SUN Hockey Pool

NHL talks fail

BRUCE GARRIOCH -- Ottawa Sun

, Last Updated: 4:30 PM ET


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It was the great disappointment. And, sources say, Wayne Gretzky is incensed about it. While optimism reigned yesterday when Gretzky and Pittsburgh owner/captain Mario Lemieux became involved in the latest last-ditch attempt to save the NHL season, sources say owners and players refused to budge from their previous negotiating positions.

And so, the 2004-05 season is off again -- this time, for good.

"The season was over on Wednesday and it's certainly not going to be resurrected after (yesterday)," NHL Players' Association senior director Ted Saskin said. "It's 100% certain coming out of (yesterday's) meeting that nothing could impact the cancellation of the season."

Indications were Gretzky had told associates the two sides had agreed on a $45-million (all terms US) salary cap before the session. It was believed the players' and owners' representatives would only need to work through the rest of the deal.

But sources say league officials walked into yesterday's meeting -- held in a secret New York location -- and offered a $42.5-million cap with changes that made the deal worse than the one the players would have accepted if they'd agreed to a deal last Tuesday night.

Commissioner Gary Bettman called off the season the next day. But when Gretzky and Lemieux got involved in restarting talks, it appeared there was a second chance.

Turns out there was no chance, and the Great One was not amused.

"My understanding is Gretzky is furious," said a league source last night. "He didn't go there to fail. He wanted to be playing."

"I think that both sides, mutually, tried to bargain in good faith and had extensive talks (yesterday)," Gretzky told TSN. "Unfortunately, we couldn't come to an understanding. But, as I said at the end of talks ... from the outside point of view, it looked like we made some strides, even though we're still apart. Both Mario and I encouraged both sides to keep talking."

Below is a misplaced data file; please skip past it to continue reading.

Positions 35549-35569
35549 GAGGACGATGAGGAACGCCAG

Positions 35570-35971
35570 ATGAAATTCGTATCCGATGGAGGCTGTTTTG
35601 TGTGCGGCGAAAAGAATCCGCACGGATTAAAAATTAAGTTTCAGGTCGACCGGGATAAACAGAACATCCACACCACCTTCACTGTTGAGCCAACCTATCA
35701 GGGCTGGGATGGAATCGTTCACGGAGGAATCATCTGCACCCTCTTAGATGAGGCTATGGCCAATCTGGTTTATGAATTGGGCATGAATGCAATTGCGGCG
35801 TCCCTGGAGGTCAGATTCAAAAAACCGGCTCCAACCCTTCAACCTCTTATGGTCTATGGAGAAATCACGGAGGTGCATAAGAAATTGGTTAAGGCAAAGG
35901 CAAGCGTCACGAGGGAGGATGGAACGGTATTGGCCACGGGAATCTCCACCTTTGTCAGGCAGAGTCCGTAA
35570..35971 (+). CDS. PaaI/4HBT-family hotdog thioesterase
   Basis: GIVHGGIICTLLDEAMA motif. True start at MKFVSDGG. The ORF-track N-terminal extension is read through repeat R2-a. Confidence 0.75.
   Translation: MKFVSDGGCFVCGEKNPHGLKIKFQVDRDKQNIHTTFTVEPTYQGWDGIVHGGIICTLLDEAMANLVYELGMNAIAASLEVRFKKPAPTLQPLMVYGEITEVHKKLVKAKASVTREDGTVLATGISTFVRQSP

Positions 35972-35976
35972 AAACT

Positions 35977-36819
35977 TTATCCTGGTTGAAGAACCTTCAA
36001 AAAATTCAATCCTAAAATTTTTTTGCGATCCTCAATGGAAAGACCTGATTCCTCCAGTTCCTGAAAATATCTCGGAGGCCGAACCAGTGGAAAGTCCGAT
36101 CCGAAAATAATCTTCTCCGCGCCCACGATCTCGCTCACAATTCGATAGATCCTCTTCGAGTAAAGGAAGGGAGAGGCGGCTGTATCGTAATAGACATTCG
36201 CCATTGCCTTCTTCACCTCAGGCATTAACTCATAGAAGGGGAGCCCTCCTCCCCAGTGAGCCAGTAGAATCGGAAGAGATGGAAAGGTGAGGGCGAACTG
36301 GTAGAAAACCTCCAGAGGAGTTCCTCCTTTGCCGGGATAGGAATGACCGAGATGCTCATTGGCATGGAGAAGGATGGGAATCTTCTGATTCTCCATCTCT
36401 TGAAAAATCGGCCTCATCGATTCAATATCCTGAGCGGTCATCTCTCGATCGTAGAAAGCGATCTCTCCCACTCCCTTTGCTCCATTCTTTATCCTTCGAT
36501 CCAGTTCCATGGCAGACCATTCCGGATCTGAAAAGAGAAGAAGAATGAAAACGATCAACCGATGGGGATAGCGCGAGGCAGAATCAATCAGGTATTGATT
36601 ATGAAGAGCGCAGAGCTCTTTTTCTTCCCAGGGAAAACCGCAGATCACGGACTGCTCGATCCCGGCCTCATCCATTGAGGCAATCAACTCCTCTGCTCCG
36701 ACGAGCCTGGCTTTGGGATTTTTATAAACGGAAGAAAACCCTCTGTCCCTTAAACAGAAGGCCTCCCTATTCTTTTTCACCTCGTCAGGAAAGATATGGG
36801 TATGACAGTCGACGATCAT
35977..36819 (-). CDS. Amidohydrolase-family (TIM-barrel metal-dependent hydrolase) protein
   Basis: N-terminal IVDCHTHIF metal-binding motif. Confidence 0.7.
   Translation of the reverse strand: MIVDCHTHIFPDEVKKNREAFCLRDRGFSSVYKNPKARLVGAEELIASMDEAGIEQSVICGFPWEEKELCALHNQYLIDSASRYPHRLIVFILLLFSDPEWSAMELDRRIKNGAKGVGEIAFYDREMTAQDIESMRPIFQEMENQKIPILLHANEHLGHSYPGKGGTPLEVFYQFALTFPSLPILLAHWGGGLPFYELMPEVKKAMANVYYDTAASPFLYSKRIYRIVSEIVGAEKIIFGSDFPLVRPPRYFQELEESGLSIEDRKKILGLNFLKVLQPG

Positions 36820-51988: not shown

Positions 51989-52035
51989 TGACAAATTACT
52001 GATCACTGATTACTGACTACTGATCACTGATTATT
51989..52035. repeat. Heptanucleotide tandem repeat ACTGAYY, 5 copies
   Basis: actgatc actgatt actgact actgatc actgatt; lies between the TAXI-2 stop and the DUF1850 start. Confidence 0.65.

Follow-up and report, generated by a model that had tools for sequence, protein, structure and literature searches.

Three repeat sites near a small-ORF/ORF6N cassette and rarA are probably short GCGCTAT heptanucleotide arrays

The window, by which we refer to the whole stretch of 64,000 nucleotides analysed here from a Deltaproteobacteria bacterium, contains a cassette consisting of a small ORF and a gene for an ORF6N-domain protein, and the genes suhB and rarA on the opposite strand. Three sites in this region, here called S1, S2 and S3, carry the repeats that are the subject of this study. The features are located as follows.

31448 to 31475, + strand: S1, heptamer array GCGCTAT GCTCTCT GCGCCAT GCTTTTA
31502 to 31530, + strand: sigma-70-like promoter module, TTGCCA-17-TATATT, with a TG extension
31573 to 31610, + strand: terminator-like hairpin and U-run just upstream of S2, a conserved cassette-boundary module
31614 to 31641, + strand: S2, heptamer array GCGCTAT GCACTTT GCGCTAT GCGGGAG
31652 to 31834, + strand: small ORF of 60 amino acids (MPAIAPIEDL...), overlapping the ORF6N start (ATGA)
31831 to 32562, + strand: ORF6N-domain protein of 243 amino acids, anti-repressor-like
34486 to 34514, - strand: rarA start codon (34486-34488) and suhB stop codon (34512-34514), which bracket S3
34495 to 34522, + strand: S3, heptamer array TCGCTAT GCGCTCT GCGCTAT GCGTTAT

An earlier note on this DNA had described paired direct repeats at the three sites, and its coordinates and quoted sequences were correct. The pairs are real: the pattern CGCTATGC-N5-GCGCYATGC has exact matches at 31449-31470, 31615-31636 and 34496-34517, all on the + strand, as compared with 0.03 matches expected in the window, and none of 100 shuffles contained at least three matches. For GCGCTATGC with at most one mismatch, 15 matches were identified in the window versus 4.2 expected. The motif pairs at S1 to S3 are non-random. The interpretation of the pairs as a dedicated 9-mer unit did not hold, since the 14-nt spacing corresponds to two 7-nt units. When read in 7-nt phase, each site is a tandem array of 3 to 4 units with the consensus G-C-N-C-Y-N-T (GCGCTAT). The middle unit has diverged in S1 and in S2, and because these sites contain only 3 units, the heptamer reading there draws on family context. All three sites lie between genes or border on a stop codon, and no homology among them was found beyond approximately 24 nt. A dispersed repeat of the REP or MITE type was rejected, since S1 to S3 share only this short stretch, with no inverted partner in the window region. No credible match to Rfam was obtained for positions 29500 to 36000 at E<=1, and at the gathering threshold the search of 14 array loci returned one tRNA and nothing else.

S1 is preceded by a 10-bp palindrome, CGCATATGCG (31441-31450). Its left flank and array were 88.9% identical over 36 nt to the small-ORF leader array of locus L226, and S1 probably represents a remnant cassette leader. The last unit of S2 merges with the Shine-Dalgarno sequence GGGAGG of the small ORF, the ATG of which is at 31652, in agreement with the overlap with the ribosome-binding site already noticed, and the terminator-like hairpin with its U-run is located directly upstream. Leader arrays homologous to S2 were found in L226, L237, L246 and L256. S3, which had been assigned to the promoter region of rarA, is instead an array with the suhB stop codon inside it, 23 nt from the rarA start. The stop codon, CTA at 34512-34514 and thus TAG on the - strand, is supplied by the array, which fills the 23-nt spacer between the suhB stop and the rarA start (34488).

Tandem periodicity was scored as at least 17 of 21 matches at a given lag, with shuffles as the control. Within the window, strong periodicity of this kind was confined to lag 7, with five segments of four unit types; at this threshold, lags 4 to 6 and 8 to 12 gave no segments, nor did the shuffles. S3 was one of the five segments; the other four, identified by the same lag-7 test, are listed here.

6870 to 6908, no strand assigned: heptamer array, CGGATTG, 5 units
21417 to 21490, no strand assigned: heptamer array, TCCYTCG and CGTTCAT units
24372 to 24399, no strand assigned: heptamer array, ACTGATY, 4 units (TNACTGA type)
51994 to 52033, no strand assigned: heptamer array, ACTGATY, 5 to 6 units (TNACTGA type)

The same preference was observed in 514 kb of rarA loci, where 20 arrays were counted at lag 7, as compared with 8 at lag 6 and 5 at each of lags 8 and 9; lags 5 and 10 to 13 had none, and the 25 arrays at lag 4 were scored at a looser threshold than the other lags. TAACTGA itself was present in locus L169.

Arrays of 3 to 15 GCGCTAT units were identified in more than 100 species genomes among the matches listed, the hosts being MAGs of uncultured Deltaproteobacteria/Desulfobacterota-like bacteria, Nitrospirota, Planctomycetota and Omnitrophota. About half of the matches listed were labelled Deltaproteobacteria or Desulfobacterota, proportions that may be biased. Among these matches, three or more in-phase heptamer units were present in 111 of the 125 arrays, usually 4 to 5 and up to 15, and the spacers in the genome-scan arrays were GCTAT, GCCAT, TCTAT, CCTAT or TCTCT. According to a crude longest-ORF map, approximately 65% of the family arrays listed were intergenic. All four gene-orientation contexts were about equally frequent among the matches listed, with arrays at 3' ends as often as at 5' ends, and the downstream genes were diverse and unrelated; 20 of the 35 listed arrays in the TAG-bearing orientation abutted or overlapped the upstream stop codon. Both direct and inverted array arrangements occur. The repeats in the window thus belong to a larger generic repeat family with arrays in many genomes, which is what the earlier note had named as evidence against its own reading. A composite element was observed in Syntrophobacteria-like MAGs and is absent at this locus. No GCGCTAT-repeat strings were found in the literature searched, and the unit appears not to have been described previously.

The season ran out of lives after the two sides met for more than six hours in New York, with no progress.

"Apparently, the NHL didn't move away from their last position to meet us in any way, so one can only wonder why they called us for a meeting," said Senators captain Daniel Alfredsson, a VP on the NHLPA's executive committee."I was hoping for a deal, of course, but I'm not feeling disappointed. I would have been surprised if they managed to get a deal."

NHL VP Bill Daly said there were too many differences for the two sides to get back to playing this season and suggested the focus should now shift to next season.

In a memo to the league's 30 team owners obtained by The Canadian Press, Bettman said "the union is still intent on negotiating for more than we can afford. They put nothing new and concrete on the table."

'SHOCKED'

Senators defenceman Chris Phillips, speaking from Sweden, admitted "I'm shocked. I don't know what to say. This is really tough to take right now. We were making plans to come home and we were looking forward to getting going.

"I just think everybody thought with (Gretzky and Lemieux) in the room, they could something done. There was just so much optimism. To have this happen is hard because we all wanted to get back playing."

However, sources say hardline owners in Carolina, Chicago, Boston, Florida and Nashville refused to allow Bettman to move off his "final" offer of $42.5 million that preceded Wednesday's shutdown.

"My feeling is there a lot of hardline owners who are ruining it for the rest of the owners in the league," said Senators centre Mike Fisher from Switzerland.

Senators winger Bryan Smolinski was in shock.

"I just find this unbelievable," he said. "It's almost comical when you think about it. We were sitting around (Friday) thinking we were going to get back to playing and then they make no progress.

"That's just unreal."

bruce.garrioch@ott.sunpub.com


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